# [texworks] Project Management type stuff

Stefan Löffler st.loeffler at gmail.com
Thu Oct 14 16:31:14 CEST 2010

 Hi,

Am 2010-10-14 15:51, schrieb Bruno Voisin:
> Le 14 oct. 2010 à 13:58, Paul A Norman a écrit :
>
>> Have you a reference for that please, I want to check if there are any
>> issues on how the path is named whether its OS dependant or what ever,
>> does Windows require {{}} type stuff or simillar.
>>
>> On 15 October 2010 00:31, Alain Schremmer <schremmer.alain at gmail.com> wrote:
>>> \documentclass[11pt]{book}
>>>        \usepackage{../StyleSheets/Preamble}
>>>        \usepackage{../StyleSheets/AssessmentDocumentConstruction}
>>>        \usepackage{../StyleSheets/QuizConstructionParameters}
>>>        \usepackage{../StyleSheets/GraphicsPaths}
>>> \begin{document}
> That's likely distribution-specific and also platform-specific.
>
> Namely, the definition of \usepackage (in latex.ltx) is highly convoluted, it goes through a sequence of cascading definitions involving \RequirePackage and \InputIfFileExists, and in between more obscure stuff like \@onefilewithoptions, \@@input and the like.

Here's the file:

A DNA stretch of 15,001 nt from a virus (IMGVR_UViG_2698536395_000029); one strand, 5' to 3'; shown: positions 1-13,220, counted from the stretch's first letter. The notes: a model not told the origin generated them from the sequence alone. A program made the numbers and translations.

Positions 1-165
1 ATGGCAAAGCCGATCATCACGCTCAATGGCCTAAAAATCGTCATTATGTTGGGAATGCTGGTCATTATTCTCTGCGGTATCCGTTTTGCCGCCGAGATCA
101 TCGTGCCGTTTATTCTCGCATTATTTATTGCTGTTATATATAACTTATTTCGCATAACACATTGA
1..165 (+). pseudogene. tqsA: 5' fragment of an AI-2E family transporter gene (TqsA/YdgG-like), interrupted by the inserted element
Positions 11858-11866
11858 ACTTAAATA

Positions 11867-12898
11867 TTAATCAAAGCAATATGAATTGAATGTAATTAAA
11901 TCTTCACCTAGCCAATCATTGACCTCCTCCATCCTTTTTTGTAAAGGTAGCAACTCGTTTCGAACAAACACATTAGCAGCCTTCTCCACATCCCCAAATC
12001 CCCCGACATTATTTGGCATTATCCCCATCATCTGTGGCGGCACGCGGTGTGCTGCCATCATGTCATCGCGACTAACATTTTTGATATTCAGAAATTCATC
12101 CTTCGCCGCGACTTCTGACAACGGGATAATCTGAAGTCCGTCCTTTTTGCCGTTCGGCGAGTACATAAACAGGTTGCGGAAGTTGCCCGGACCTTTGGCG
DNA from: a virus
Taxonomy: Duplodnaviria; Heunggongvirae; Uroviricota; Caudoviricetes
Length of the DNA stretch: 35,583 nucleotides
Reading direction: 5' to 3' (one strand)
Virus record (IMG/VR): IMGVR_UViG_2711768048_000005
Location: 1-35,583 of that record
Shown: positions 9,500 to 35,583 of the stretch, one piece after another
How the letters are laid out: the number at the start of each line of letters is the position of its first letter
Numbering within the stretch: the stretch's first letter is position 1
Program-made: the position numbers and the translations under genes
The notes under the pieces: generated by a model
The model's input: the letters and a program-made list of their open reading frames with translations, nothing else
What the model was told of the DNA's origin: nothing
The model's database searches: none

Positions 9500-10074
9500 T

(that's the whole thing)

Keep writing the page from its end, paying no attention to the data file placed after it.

>
> But it all seems in the end to go down to the \input TeX primitive, which is implemented at the time TeX is built.

Maybe the following environment variable is helpful in this context
(taken from the tex manpage of TL on Linux):
TEXINPUTS
Search path for \input and \openin files.  This  probably
start
with  .'',  so  that user files are found before system
files.
An empty path component will be replaced with the paths
defined
in   the   texmf.cnf   file.   For  example,  set
TEXINPUTS  to
".:/home/user/tex:"  to  prepend  the  current
directory   and
/home/user/tex'' to the standard search path.

I'm not sure if the same thing is supported in, e.g., MiKTeX, but if it
is, you could define a custom tool that sets TEXINPUTS to contain the
directory of your styles, classes, etc.

HTH
Stefan

PS: Originally, with "project support" I meant the support of a
multi-file document, possibly with figures, etc. I did not originally
target multi-user, multi-platform cooperation (similar to what version
control is often used for in programming). But of course there's no
reason not to think in that direction, too :).